Friday, January 31, 2014

A New Plough

A diagram of the heavy plough with mouldboard
One of the tools that most shaped European culture and improved life in the Middle Ages was a new type of plough. Ploughs drawn by animals to break up the earth were used as far back as 2500 BCE in the Indus Valley; however, those ploughs were simple wooden devices, mostly some form of stick or rake that would scratch the surface of the earth so that seed could be broadcast and covered with dirt. This worked well in the light sandy soils of the Mediterranean and Egypt, but the heavy, wet, clay-laden soils of Europe were another mater. Simple scratch ploughs could not make a dent in those heavy soils, laid down by glacial advance.

Someone devised a plough with two particular features: the coulter and the mouldboard. The coulter (#4 in the diagram) is a vertical cutting blade that cuts a furrow. That isn't enough, however. The mouldboard (#7) is a curved blade that turns a layer of earth over, exposing it and creating a deeper furrow than a scratch plough. Improvements in the smelting and shaping iron by 900 CE made the coulter, the chisel (#5), and the main share (#6) efficient so that the mouldboard could do its job properly.
When dragged through a field the coulter cuts down into the soil and the share cuts horizontally from the previous furrow to the vertical cut. This releases a rectangular strip of sod that is then lifted by the share and carried by the mouldboard up and over, so that the strip of sod (slice of the topsoil) that is being cut lifts and rolls over as the plough moves forward, dropping back to the ground upside down into the furrow and onto the turned soil from the previous run down the field. [link]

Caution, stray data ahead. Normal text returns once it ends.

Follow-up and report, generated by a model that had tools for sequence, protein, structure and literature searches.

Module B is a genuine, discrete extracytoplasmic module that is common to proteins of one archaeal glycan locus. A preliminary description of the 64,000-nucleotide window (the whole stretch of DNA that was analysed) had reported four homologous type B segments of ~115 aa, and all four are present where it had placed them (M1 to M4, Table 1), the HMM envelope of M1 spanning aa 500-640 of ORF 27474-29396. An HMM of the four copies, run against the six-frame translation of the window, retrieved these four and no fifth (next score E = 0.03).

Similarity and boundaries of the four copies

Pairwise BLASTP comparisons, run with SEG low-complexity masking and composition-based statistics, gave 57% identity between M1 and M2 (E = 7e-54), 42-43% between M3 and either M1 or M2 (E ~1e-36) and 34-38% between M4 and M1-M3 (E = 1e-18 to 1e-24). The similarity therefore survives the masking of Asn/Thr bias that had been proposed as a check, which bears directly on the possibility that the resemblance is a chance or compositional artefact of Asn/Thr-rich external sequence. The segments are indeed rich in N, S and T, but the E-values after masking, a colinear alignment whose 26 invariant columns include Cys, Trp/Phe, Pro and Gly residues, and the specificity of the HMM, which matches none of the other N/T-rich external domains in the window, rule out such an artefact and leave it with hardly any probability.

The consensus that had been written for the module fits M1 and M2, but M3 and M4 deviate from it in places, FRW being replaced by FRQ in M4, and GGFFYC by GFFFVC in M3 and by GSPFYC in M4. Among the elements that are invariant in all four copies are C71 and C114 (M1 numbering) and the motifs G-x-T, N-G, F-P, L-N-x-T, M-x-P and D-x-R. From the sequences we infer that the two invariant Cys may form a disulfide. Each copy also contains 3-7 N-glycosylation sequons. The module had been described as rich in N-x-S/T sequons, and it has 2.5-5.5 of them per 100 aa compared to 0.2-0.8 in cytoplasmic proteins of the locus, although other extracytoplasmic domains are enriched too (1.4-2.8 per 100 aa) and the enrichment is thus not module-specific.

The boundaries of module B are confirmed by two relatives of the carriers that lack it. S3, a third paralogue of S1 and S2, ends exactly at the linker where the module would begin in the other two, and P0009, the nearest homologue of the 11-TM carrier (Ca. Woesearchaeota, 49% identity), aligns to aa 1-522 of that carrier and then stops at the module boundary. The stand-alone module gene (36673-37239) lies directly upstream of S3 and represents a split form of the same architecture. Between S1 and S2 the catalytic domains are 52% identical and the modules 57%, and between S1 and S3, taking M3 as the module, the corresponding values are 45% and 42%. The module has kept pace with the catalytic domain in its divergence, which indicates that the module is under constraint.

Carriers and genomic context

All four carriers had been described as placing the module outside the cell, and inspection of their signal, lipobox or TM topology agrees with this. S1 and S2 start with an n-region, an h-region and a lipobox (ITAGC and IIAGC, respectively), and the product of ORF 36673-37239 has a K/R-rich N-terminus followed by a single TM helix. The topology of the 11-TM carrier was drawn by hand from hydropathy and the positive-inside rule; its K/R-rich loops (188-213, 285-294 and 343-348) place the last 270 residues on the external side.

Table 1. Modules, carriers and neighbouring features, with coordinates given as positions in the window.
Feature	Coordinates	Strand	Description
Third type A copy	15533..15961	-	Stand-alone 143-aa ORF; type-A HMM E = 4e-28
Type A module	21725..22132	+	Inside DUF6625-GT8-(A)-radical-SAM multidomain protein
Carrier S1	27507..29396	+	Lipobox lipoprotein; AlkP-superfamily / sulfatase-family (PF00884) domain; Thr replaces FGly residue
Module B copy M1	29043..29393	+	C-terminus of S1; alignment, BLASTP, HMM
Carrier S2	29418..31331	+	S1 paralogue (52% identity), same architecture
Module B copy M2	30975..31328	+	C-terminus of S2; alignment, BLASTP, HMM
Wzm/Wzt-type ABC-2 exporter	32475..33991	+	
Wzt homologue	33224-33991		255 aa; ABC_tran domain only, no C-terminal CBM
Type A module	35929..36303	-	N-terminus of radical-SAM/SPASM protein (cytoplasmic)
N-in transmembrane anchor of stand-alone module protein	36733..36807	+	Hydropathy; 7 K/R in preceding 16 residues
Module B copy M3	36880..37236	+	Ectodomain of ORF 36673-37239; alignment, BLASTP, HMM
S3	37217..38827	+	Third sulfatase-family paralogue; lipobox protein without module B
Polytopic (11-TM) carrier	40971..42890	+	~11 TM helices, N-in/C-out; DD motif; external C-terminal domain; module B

A side-effect of this type of plough is that deep furrows are created that help drainage. If excessive water from spring rains can be diverted from fields rather than standing in pools, planting can take place earlier; a longer growing season results, less susceptible to water damage of seedlings.

Around the same time, Europe started experimenting with crop rotation. The practice of using a field every other year for a different purpose was already in place, but three-field crop rotation in which one field is left fallow began to create healthier crops and higher yields at harvest time.

I will not go as far as James Burke* does and say that everything comes from the plough—predictability of future crops, pottery because you need to store grain, writing because you need to make a potter's mark, weaving because you are growing flax, et cetera—but the development of the mouldboard plough literally made a dent in man's difficulties in growing food in European soil. It contributed to population growth and to other advances in technology and civilization.

*The inspiration for this post comes from memories of James Burke's groundbreaking Connections.

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